Three strange allergies you’ve never heard about

strange allergies

Three strange allergies you’ve never heard about

The world is a weird and wonderful place. In every corner of the globe, there is something unique that you’ve never even thought about before. It makes life more interesting – there’s always something new to discover and learn about.

And that goes for allergies too. Everyone knows about hay fever or peanut allergies, but how about some of these rare conditions? They aren’t your usual allergies in that they aren’t certain products or food. Let’s dive in!

Touch

This is a reaction to the pressure put on the skin when you touch it. As your finger runs over your skin, it leaves inflammation and welts in its path. It’s earned the condition the name ‘skin writing’ or – to use its proper term – dermatographism.

It is very rare, affecting 2-5% of the population. Thankfully, it’s not a life-threatening condition, and most of the inflammation seems to go down within 30 minutes. Symptoms come from histamine being released by mast cells on the skin. Histamine is the cause of many other allergies – such as hay fever – meaning dermatographism can also be treated with the same anti-histamine medication.

Vibrations

Clearly no one in the Beach Boys vibratory urticaria. This condition makes you sensitive to vibrations. Like dermatographism, your skin will react with red, itchy blotches. If you have been mowing the lawn, for example, you would likely see it on the hands.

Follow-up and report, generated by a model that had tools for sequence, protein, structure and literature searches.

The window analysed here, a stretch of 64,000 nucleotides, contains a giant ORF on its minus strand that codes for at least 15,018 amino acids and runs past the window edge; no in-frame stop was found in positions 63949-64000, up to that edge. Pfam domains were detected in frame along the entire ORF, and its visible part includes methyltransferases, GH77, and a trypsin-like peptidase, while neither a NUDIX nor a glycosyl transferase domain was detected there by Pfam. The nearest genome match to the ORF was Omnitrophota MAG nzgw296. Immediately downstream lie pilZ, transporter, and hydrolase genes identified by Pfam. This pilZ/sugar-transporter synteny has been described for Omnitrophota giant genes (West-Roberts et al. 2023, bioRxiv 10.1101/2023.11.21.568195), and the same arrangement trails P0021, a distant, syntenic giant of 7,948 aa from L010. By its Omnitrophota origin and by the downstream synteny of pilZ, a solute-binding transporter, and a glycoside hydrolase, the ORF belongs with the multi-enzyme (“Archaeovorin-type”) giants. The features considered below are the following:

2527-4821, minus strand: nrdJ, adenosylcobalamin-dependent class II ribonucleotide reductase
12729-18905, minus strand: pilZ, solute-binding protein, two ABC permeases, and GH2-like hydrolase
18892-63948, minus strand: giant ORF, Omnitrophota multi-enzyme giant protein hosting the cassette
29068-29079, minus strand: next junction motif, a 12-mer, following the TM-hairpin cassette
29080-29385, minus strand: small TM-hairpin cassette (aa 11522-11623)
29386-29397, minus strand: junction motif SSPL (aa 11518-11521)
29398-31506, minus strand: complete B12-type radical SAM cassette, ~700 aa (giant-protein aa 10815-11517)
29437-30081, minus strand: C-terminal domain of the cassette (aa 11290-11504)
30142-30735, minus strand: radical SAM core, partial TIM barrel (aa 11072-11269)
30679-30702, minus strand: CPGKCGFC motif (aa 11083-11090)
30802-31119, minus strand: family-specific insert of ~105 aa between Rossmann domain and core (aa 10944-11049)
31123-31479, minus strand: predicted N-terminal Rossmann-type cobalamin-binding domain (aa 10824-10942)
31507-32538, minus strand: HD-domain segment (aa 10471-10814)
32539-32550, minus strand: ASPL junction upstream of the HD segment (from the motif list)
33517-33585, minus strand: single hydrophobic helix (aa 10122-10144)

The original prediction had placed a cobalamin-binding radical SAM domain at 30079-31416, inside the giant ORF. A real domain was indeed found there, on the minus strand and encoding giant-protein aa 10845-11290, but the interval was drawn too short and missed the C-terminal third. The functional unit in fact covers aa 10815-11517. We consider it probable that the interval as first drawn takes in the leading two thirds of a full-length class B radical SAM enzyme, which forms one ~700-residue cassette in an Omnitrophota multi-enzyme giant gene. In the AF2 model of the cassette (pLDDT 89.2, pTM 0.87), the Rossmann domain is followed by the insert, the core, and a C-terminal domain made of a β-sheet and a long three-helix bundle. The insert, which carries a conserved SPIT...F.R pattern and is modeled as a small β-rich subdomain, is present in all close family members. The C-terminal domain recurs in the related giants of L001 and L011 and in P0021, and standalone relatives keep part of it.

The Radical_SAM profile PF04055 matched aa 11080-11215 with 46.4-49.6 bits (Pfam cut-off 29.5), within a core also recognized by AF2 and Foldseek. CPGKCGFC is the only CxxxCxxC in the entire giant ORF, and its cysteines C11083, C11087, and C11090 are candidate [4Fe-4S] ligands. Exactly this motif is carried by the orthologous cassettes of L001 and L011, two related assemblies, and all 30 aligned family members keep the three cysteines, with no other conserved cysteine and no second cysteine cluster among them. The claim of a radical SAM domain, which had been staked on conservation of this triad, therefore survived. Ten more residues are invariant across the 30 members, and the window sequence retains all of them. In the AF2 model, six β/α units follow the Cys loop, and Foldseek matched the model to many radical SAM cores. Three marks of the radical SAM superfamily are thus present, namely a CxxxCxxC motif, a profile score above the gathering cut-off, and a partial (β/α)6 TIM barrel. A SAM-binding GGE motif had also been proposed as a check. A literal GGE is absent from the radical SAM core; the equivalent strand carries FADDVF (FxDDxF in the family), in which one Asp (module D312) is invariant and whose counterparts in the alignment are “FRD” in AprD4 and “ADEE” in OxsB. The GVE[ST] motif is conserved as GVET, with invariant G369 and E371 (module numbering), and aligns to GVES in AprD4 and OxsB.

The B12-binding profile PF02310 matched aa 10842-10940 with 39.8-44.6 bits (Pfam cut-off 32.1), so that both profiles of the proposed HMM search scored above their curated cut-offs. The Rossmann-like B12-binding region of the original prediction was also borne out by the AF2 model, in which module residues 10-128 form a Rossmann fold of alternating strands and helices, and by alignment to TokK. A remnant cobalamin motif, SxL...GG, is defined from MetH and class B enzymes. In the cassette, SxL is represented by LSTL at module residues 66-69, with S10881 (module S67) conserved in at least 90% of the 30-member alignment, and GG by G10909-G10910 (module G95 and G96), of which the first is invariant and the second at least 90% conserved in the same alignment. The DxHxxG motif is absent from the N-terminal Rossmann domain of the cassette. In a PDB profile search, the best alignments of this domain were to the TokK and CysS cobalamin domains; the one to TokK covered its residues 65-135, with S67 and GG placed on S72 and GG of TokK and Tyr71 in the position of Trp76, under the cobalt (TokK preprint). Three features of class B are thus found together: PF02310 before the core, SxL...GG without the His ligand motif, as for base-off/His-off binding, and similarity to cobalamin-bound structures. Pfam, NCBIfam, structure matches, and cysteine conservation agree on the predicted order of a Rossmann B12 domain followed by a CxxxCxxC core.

Other symptoms include headaches, blurry vision, and fatigue. The vibrations don’t have to just be from the lawnmower; anything that causes you to vibrate might bring out the reaction – riding a bike being another example.

Your own child

In some rare cases, mothers of newborn babies can’t even hold their child. It’s a condition called pemphigoid gestationis and can appear during the second or third trimester of pregnancy. Again, it is a skin condition, with itchy patches and blisters on the body. It can happen while the baby is still in the womb, or – as in this story – after the baby has been born.

It can be distressing for young mums who just want to hold their child. Some estimate it to occur in 1 in 50,000. Thankfully, it isn’t a true allergy and doesn’t last forever. For many mothers, it fades over time. So it isn’t a lifelong condition.

And those are just a few weird and wonderful reactions. While none of these were life-threatening, you should always be careful with any allergies. Always talk to a professional for an accurate diagnosis and advice on how to best live your life.

An allergy diagnosis doesn’t have to be a bad thing – most of them are easy to manage. What matters is how seriously you take them. To arrange a call with one of our experts, please call us on 02031 433 449.

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